Apr. 29, 2016

HARRISBURG—Rep. Todd Stephens (R-Montgomery) has asked the state to intervene and address water contamination issues in Horsham Township.

Specifically, Stephens asked the Pennsylvania Department of Environmental Protection to adopt a “zero tolerance” policy as it relates to the two contaminants found - perfluorooctanoic acid (PFOA) and perfluorooctane sulfonate (PFOS) – and to eliminate any traceable levels of the chemicals in the public water supply. He also asked the Pennsylvania Department of Health to provide free blood tests for area residents to learn whether they have elevated levels of the contaminants in their bodies so they can work with their health care provider to protect themselves.

In 2014, federal authorities found PFOA and PFOS in the area’s drinking water and determined the cause to be firefighting foam used in training exercises at the former Naval Air Station Joint Reserve Base in Horsham and at the former Naval Air Warfare Center in Warminster.

In addressing the issue, the Environmental Protection Agency (EPA) and Navy are relying on a 2009 “provisional health advisory” level based on short-term exposure to these chemicals which Stephens says is inadequate and is much higher than the levels used in other states where similar contamination has occurred.

For more than a year Stephens’s office has participated in monthly conference calls organized by the Navy to remain informed on the progress of addressing the contamination. The Environmental Protection Agency has repeatedly claimed a new standard is forthcoming but to date a new level has not been adopted and the Navy continues to rely on the old level for their remediation efforts.

“I am unhappy with the speed at which they are moving on this,” Stephens said. “Frankly, they are not getting the job done. It’s time the state stepped in to protect our residents.”

Several states have taken steps to address the same contaminants found here. In researching the issue, Stephens looked to programs in New Jersey, New Hampshire, Vermont and New York for guidance.

Stephens based his requests on actions New York took to address the same contaminants in the Village of Hoosick Falls. According to the Village’s website, “[t]he state has implemented an aggressive plan to address PFOA contamination in the Hoosick Falls area, which includes:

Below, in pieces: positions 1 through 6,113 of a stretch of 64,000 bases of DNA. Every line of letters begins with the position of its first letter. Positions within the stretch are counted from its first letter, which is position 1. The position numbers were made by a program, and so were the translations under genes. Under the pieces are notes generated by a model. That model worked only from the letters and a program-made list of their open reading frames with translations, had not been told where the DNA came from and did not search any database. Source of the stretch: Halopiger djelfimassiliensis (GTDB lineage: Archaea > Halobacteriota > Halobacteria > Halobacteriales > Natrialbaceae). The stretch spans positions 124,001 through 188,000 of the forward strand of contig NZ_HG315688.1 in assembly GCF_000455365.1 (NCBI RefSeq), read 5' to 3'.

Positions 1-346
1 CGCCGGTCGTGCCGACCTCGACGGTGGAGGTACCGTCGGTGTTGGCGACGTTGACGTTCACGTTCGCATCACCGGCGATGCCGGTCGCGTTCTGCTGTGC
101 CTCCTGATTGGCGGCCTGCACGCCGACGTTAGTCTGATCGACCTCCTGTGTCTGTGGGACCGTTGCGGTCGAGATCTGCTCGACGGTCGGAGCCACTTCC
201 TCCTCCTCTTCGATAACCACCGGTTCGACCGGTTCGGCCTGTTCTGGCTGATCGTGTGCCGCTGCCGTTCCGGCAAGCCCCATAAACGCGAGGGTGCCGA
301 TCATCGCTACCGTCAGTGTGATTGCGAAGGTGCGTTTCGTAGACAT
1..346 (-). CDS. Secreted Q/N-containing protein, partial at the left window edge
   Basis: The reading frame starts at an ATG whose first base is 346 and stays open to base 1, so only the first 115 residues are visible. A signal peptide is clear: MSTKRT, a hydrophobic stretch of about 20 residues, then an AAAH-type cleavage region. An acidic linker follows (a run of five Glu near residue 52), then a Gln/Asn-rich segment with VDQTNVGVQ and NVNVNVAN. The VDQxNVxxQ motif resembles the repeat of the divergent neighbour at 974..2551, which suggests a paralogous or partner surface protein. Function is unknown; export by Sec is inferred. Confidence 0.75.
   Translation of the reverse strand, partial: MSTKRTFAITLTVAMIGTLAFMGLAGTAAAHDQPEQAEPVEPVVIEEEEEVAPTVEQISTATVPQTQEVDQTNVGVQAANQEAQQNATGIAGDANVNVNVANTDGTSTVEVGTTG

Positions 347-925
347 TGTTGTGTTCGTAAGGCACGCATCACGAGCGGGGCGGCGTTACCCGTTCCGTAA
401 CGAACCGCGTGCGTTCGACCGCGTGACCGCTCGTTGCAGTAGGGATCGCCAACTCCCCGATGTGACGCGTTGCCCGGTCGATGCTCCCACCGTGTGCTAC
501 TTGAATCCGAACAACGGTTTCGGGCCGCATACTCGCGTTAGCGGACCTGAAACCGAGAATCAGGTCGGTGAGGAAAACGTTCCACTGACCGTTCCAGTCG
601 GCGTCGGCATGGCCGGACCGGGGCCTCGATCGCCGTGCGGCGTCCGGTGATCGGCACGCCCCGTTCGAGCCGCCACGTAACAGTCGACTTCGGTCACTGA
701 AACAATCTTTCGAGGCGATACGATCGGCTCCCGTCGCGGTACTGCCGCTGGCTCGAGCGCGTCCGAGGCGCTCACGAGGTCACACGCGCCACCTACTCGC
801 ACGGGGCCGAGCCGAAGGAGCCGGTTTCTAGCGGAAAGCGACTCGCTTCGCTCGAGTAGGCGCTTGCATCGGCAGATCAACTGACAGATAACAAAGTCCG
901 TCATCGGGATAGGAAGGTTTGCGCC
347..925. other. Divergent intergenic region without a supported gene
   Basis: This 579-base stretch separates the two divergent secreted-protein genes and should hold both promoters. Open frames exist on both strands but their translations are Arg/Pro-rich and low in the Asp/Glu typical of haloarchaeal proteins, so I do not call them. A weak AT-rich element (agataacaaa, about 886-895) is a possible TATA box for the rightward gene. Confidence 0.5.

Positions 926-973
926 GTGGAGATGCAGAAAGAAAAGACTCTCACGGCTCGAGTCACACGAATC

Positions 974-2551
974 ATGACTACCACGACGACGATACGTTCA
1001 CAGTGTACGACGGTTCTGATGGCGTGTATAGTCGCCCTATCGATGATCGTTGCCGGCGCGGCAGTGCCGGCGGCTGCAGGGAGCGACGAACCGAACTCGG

• Overseeing the installation of a temporary municipal filtration system;
• Committing up to $10 million to install hundreds of private residential water filtration systems;
• Testing nearly 750 water samples from private and public wells since January 27, 2016;
• Conducting a comprehensive blood testing program for residents;
• Working to identify an alternate permanent drinking water source; and
• Establishing a local command center with nearly 100 full-time state officials.”

According to an October 2015 EPA fact sheet, “There is evidence that both chemicals, in large doses, have caused tumors in animal studies… There are some epidemiology data that indicate a link between PFOA (but not PFOS) and kidney and testicular cancers in humans; however, more research is underway to evaluate the impacts of these compounds on human health.”

According to the New Jersey Department of Health website:
“In experimental animals, PFCs have been found to cause developmental, immune, neurobehavioral, liver, endocrine, and metabolic toxicity, generally at levels well above human exposures. Studies of the general population, communities with drinking water exposures, and exposed workers suggest that PFCs increase the risk of a number of health effects. The most consistent human health effect findings for PFOA – the most well-studied of the PFCs – are increases in cholesterol and uric acid levels.

“In humans, exposure to PFCs before birth or in early childhood may result in decreased birth weight, decreased immune responses, and hormonal effects later in life. More research is needed to understand the role of PFCs in developmental effects.

“PFOA and PFOS studies revealed tumors in rodents. In a community significantly exposed to PFOA through drinking water, PFOA exposure was associated with higher incidence of kidney and testicular cancers.”

“I have been frustrated by the unacceptably slow response from the federal government,” Stephens said. “The EPA has been aware of this problem for years and is not protecting us. It’s time the state stepped in to ensure our residents have safe, reliable drinking water, free from contaminants. We should never tolerate known health risks in our drinking water.”

Representative Todd Stephens
151st District
Pennsylvania House of Representatives

Media Contact: David Foster
RepToddStephens.com/ Facebook.com/RepToddStephens